On Wed, Mar 05, 2014 at 01:30:28PM -0800, Ned Freed wrote:
On Wed, Mar 05, 2014 at 08:22:19PM +0000, Paul Smith wrote:
On 05/03/2014 18:20, Murray S. Kucherawy wrote:
How come this never got adoption? It comes up from time to time
in "We really should do this" sorts of discussions, but it doesn't
seem like anyone ever took the plunge and it just expired. Is it
just that nobody does it because nobody else does it?
Hmm, this one's a tricky one. With our mail server we've been quite
careful to do things which would either accept the "whole message",
or reject it all. I can see places where we could change
functionality to use PRDR, but the problem is that the user would
expect it to always work, not be dependent on the sending MTA. So,
we would have to 'fake' PRDR, by falling back to accepting the
message and generating bounce messages, which isn't nice, and will
lead to backscatter.
Correct me if I'm wrong, I may have missed something in the draft:
PRDR implies that deliveries be attempted during the SMTP transaction so
this cannot really be implemented by MTA that use a two-step approach to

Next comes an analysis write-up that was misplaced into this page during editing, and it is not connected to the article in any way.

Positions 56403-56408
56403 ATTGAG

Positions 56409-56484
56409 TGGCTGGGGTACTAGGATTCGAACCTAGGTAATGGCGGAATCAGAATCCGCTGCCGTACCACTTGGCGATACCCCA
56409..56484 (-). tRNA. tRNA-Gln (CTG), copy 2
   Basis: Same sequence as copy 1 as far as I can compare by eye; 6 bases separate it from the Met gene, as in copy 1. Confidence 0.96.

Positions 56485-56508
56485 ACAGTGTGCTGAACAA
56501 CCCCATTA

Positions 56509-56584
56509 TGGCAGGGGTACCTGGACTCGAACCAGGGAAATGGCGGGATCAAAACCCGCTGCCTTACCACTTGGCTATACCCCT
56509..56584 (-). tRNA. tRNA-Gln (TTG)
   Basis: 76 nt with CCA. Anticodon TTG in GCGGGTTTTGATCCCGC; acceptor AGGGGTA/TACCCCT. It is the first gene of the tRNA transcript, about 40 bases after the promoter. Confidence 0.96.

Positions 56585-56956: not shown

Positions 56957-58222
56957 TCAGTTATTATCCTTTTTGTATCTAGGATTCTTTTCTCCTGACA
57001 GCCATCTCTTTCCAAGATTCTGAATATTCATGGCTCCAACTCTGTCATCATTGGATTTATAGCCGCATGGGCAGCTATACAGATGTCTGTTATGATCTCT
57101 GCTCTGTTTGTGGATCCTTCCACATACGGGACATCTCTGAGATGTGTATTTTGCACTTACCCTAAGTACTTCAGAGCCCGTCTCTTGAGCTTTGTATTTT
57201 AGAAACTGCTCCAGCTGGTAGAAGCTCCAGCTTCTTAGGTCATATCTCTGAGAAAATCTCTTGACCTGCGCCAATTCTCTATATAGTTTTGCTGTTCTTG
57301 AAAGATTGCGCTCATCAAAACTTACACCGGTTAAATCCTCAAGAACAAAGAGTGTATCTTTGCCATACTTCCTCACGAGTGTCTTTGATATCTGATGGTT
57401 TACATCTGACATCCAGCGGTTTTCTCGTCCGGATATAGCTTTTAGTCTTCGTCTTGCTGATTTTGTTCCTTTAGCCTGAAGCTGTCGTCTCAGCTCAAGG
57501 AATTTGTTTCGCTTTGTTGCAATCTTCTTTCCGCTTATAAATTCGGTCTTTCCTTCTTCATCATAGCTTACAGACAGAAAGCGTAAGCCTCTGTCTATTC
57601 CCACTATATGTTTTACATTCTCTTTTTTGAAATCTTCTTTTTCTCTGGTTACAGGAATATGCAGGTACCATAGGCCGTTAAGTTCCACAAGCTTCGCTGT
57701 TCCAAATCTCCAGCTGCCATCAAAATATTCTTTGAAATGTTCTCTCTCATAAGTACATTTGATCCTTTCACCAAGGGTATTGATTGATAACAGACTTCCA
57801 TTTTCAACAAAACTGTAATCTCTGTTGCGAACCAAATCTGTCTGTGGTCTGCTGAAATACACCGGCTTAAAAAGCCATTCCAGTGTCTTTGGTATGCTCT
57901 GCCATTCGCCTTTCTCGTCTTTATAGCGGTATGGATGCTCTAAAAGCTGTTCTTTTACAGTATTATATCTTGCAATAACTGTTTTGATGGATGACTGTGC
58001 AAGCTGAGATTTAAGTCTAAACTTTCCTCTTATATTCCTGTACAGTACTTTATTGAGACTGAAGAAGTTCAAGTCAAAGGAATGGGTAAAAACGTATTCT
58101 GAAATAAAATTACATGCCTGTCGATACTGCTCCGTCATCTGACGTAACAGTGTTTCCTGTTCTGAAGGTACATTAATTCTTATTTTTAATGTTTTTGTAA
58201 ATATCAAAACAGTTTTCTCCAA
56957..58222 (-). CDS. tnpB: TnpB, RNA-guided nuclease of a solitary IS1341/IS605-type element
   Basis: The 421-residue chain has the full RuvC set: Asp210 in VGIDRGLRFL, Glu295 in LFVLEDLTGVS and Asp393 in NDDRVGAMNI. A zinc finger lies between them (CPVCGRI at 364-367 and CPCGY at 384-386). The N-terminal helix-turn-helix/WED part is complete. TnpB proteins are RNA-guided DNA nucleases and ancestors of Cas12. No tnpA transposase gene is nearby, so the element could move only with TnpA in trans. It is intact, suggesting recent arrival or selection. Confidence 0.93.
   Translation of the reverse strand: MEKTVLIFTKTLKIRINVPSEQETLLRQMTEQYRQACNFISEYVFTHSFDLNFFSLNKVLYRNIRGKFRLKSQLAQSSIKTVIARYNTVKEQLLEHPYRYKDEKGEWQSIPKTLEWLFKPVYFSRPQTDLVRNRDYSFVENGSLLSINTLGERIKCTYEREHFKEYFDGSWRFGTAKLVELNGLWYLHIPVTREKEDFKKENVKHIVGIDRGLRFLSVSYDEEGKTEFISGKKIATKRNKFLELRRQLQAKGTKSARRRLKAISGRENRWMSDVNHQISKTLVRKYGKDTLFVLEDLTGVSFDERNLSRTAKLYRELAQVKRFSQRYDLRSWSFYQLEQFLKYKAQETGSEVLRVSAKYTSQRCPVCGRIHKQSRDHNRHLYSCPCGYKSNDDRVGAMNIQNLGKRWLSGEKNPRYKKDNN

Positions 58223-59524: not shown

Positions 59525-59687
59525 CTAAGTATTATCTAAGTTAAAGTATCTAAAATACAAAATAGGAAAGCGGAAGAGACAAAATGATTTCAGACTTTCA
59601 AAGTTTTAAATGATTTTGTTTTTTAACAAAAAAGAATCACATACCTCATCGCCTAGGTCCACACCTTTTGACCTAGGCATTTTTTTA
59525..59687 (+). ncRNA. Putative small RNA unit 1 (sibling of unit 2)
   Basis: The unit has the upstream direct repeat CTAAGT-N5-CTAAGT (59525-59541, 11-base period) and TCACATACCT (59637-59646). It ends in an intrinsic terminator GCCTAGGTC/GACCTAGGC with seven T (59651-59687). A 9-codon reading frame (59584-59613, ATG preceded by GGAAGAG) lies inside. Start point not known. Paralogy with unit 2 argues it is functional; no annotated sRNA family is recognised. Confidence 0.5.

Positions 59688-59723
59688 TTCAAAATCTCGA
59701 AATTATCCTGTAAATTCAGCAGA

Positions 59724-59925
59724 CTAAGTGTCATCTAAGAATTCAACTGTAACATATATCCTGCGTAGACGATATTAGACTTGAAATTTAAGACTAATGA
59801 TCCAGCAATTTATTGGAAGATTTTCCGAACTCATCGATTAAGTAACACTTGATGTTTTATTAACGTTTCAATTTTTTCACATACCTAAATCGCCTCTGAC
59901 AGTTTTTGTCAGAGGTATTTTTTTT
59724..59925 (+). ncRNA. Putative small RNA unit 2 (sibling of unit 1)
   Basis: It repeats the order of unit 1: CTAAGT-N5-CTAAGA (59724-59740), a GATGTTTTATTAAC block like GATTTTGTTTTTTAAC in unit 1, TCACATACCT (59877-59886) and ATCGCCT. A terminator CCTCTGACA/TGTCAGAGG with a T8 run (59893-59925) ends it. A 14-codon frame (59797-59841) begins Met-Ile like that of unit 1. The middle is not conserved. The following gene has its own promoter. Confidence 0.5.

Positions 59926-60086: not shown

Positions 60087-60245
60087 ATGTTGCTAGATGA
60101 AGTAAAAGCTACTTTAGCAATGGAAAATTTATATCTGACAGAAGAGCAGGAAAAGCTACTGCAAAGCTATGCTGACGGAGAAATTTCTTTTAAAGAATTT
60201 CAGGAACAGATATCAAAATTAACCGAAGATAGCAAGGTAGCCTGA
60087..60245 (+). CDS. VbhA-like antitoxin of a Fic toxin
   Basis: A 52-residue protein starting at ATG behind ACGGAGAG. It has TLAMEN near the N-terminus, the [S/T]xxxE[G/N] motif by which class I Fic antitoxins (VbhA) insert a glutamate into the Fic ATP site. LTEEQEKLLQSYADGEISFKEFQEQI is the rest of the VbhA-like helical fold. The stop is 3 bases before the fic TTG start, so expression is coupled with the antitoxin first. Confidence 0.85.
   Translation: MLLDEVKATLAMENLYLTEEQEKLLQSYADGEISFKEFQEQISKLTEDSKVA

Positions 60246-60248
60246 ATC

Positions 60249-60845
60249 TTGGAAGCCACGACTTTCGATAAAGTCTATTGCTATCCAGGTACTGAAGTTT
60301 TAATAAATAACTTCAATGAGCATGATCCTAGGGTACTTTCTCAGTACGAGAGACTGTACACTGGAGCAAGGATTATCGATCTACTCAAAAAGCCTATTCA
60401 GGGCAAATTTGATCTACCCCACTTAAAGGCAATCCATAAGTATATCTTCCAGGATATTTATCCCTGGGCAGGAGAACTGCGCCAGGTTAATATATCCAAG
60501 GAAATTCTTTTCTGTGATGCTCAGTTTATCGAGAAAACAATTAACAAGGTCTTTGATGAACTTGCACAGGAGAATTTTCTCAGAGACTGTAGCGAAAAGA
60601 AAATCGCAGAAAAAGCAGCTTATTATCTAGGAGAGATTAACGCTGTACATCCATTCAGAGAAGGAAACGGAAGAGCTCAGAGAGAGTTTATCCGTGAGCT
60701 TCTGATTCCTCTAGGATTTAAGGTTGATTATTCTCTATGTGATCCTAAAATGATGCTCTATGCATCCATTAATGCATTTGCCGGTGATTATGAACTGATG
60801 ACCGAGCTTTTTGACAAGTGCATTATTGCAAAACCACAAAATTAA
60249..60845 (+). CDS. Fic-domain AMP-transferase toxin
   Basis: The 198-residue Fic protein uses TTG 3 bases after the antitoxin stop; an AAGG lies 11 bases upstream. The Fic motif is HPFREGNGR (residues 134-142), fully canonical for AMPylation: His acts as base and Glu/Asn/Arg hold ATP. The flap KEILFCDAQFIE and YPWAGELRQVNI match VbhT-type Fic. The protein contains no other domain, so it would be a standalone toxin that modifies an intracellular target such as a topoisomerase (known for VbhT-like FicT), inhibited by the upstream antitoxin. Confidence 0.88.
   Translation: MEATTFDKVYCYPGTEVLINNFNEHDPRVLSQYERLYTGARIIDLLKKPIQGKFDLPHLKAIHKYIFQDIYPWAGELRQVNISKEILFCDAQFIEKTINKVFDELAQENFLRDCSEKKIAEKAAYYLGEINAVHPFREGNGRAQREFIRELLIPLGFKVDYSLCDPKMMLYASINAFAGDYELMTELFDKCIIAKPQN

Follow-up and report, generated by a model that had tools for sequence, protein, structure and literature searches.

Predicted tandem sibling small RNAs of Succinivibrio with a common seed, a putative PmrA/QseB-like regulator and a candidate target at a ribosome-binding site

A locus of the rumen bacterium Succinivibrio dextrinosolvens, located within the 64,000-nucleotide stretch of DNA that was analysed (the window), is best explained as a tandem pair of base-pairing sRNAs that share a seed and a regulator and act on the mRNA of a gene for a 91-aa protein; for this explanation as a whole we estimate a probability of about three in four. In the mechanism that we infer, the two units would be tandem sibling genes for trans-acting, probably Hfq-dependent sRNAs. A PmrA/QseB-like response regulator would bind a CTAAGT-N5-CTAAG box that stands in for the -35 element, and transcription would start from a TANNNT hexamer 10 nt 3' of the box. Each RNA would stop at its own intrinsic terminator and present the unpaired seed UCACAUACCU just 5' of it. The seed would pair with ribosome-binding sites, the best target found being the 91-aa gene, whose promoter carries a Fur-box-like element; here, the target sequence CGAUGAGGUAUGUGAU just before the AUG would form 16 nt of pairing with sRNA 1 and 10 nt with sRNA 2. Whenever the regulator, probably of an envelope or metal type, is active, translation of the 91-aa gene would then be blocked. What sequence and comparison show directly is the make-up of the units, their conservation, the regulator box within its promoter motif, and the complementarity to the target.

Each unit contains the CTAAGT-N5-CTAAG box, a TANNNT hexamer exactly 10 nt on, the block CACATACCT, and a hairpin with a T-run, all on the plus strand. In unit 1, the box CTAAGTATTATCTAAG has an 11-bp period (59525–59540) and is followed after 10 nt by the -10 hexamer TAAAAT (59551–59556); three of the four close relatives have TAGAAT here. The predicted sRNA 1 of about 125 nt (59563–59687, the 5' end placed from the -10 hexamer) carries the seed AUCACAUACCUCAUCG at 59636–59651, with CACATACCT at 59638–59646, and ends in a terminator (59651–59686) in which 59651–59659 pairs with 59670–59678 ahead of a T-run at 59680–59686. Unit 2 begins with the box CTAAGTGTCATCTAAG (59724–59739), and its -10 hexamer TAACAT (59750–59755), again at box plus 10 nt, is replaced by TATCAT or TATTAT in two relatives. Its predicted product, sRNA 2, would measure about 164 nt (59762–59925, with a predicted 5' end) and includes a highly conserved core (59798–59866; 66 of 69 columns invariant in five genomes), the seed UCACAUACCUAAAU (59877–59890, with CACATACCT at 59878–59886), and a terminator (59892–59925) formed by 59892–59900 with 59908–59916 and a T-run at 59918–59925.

first commit to queue and acknowledge responsibility, then later deliver
the message to the mailbox ?
No, that's incorrect. From the draft:
Furthermore, positive responses are not a
guarantee that any subsequent transfer or delivery operations
will also succeed, but instead only indicate that the message
appears to be acceptable for the recipient according to the
rules and policies that are known to the current server.
Well, my understanding of this paragraph is that if I do get a positive
response for a recipient, it is for this transaction only. Trying again
to transfer/deliver to the same recipient will not necessarily mean the
response will be positive again.
If PRDR allows you to answer positively to mails that you will possibly
fail later down the chain doesn't it mean that any PRDR positive answer
can basically be ignored because it carries no guarantees (as in people
will fake positive replies because it is easier in some cases, and they
can bounce later anyway) ?
You should do as much vaidation as possible before accepting an address or
message, but that's true in general; it has nothing to do with this
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